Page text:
Shakespeare’s Shrine: The Bard’s Birthplace and the Invention of Stratford-upon-Avon
University of Pennsylvania Press, 2012
Some of the most influential and entertaining recent scholarship on Victorian culture has worked to redress the automatic image of our forebears as stuffy, thin-lipped prudes. Matthew Sweet’s Inventing The Victorians (2001) scrutinised (in every sense) the sexuality of a nation and reported back with relish. John Mackenzie’s The Victorian Vision: Inventing New Britain (2003) embodied the vitality and volition of the era’s new technologies. Last year, Judith Flanders’s The Invention of Murder held the gas-lamp up to Victorian fascination with violent death, wading knee-deep through gore from Mary Anne Cotton to the Ripper. Importantly, though, while Sweet and Flanders strive to show us that the Victorians weren’t boring, none of these worthwhile scholars have ever suggested that the Victorians weren’t bonkers.
Researching Victorian oddity, you’re never short of an anecdote, whether it’s Oscar Wilde’s half-sister bursting into flames from her crinoline; Stuart Headlam, the ballet-obsessed Fabian priest; the Christmas pantomimes that lasted seven hours; or the mechanical innovations that included Madame Fontaine’s Bosom Beautifier. One focus of that collective cultural lunacy was Shakespeare: a devotion so strong it became “Bardolatry”. In 1840, Carlyle called Shakespeare the “Prophet” of “a true Catholicism, the Universal Church” whose creed—so it seemed—fitted ideally with Victorian values. For the writer Mary Cowden Clarke, Shakespeare was misguided women’s “great poet-teacher”, his heroines exemplifying “womenkind’s innate purity and devotion”. Ruskin argued that the tendency of Shakespeare’s heavily-flawed heroes to require salvation from his kinder, better women illustrated Victorian wives’ primary destiny as their husbands’ emotional lifebuoys. Shakespeare was the subject of innumerable reviews, essays, books, poems, and works of art. In the century that gave us “The Angel in the House”, it was perhaps inevitable that one object of all this Bardolatrous intensity would be the house in which William Shakespeare was (probably) born.
Happily, as far as eccentric and amusing details go, Jane Thomas’s Shakespeare’s Shrine fails to disappoint. Shakespeare’s fervent fans clamour to sleep in the Birthroom (master bedroom, in which the playwright was probably born), scrawl endlessly on walls and windows, purchase competing, scabrous tourist guides—Marie Corelli’s 1903 offering included a list of specific injunctions for American tourists—scramble for souvenirs, kiss floors and otherwise emote, alongside such celebrity pilgrims as Dickens, Henry James and Washington Irving. But the underlying problem with Thomas’s contribution to what might, given Sweet, Mackenzie and Flanders’s earlier titles, be called “Invention Studies” is that Shakespeare’s Shrine isn’t quite inventive enough.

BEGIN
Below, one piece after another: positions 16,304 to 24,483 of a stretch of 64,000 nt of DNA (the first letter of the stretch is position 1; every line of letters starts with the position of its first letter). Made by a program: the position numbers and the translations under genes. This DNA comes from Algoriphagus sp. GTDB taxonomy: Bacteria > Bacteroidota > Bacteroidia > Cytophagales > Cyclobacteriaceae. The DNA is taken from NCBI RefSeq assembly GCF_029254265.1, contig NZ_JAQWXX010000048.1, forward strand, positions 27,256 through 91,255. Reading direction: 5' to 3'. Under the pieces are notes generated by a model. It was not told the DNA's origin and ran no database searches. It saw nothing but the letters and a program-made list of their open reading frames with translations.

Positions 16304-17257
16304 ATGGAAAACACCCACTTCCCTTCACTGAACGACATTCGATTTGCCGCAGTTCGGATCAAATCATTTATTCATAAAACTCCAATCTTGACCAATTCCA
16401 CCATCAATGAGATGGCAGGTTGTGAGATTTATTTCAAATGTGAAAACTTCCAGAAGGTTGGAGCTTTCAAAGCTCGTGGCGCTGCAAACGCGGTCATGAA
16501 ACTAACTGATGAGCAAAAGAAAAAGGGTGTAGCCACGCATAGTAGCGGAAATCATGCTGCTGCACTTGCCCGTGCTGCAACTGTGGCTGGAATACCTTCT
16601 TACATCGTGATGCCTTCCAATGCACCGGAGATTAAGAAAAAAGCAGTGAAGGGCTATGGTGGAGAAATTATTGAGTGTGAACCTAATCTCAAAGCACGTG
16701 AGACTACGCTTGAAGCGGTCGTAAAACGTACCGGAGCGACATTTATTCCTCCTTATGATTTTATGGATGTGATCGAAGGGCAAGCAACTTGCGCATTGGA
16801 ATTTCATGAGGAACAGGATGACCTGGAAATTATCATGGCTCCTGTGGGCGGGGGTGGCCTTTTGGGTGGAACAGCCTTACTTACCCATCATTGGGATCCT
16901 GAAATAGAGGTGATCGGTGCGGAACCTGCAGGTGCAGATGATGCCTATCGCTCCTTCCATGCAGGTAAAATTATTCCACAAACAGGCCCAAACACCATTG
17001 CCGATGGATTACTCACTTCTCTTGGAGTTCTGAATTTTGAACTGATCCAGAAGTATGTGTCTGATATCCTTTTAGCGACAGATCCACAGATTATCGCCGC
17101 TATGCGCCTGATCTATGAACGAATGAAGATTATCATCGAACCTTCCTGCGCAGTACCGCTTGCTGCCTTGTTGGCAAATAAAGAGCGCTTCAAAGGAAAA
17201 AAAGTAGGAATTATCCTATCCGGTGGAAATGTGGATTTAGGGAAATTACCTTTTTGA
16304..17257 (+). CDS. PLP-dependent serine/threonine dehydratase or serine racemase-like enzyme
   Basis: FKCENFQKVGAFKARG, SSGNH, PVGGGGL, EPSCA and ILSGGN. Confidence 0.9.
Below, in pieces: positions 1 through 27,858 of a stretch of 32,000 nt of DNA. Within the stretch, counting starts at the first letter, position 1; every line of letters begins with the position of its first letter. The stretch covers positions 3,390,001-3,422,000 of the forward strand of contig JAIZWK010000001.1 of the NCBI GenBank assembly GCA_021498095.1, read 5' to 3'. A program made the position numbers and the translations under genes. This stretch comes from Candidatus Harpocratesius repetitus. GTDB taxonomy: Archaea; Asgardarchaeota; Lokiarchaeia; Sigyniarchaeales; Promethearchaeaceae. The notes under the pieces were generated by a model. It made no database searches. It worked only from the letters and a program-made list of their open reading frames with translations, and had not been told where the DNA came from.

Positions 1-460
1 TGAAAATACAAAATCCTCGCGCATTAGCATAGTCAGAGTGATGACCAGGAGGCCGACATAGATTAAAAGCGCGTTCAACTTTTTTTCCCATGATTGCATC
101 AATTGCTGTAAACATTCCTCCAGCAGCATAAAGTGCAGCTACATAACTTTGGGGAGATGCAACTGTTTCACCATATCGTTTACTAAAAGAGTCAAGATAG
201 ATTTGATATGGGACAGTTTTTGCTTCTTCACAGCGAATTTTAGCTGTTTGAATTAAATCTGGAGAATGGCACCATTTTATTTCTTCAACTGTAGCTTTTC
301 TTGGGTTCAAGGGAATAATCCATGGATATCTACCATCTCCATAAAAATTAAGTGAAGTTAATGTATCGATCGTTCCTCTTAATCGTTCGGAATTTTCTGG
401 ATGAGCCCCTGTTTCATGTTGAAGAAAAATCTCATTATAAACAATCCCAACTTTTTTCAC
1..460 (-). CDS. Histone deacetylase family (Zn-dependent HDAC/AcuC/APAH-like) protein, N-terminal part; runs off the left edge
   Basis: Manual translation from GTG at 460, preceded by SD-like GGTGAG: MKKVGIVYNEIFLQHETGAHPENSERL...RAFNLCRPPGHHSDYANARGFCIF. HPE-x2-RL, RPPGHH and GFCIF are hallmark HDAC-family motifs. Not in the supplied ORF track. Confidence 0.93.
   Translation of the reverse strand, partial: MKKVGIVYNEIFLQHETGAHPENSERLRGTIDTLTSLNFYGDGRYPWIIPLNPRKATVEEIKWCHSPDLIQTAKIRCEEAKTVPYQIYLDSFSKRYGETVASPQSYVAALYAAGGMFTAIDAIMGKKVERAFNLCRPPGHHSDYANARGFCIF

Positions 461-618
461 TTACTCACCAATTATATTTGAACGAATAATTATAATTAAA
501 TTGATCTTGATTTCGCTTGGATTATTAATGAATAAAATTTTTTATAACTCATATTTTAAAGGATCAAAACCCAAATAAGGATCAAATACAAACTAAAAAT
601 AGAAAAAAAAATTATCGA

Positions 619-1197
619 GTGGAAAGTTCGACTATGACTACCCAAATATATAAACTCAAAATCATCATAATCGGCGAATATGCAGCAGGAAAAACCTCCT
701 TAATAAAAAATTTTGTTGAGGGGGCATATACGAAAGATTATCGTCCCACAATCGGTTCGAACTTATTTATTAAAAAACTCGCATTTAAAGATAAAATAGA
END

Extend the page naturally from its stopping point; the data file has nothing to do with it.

At this point, I should declare a vested interest: in 2011, I worked as a guide at the Birthplace. No photographs survive of me in costume; if they did, Google Image would probably save them under such search terms as “Viking”, “dwarfish” and “own mother stood behind tour group, laughing”. I spent one season in the house (which receives up to 3,000 visitors per day in the summer) and enjoyed extra-curricular reading about the house’s fabric and contents. I was not the most knowledgeable or experienced guide, but much of Shakespeare’s Shrine was very familiar ground. Rather than offering consistent new insight, the book provides a relatively well-traced narrative of how Shakespeare’s Birthplace was purchased, restored, and marketed as a quintessentially Victorian attraction. For the general reader, it’s a satisfying introduction to how the house—two houses, in fact, incorporating a butcher’s shop and successful pub—were stripped of their Regency brick façade and rebranded as a detached eight-room pile by the simple expedient of flattening the rest of the terrace. Scholarly readers and recent visitors to the Birthplace may be disappointed.
Structurally, Shakespeare’s Shrine suffers from several chapters with overlapping, even recursive chronology. The best material appears late in the book: the fourth chapter, with its discussion of photographing the Birthplace, and the fifth, which takes the form of a Victorian guide book synthesising nineteenth-century advice on visitors’ travel, accommodation, and itineraries around Stratford. This material, with its entertaining extracts from Victorian texts, and Thomas’s insightful commentary, is the heart of Shakespeare’s Shrine and should appear much sooner. Similarly, Thomas places the book’s justification in its conclusion, infusing the narrative with sudden, argumentative purpose just as it’s almost over. Given the subtitle, The Invention of Stratford-upon-Avon, the book might also have benefitted from a more holistic look at the five “Shakespeare properties” (the Birthplace, Anne Hathaway’s cottage, Mary Arden’s house, Hall’s Croft, and New Place) and their changing presence in the tourist consciousness. The homes of Shakespeare’s wife and mother are mentioned, but only briefly: if the others were totally unknown, I’d like to know why.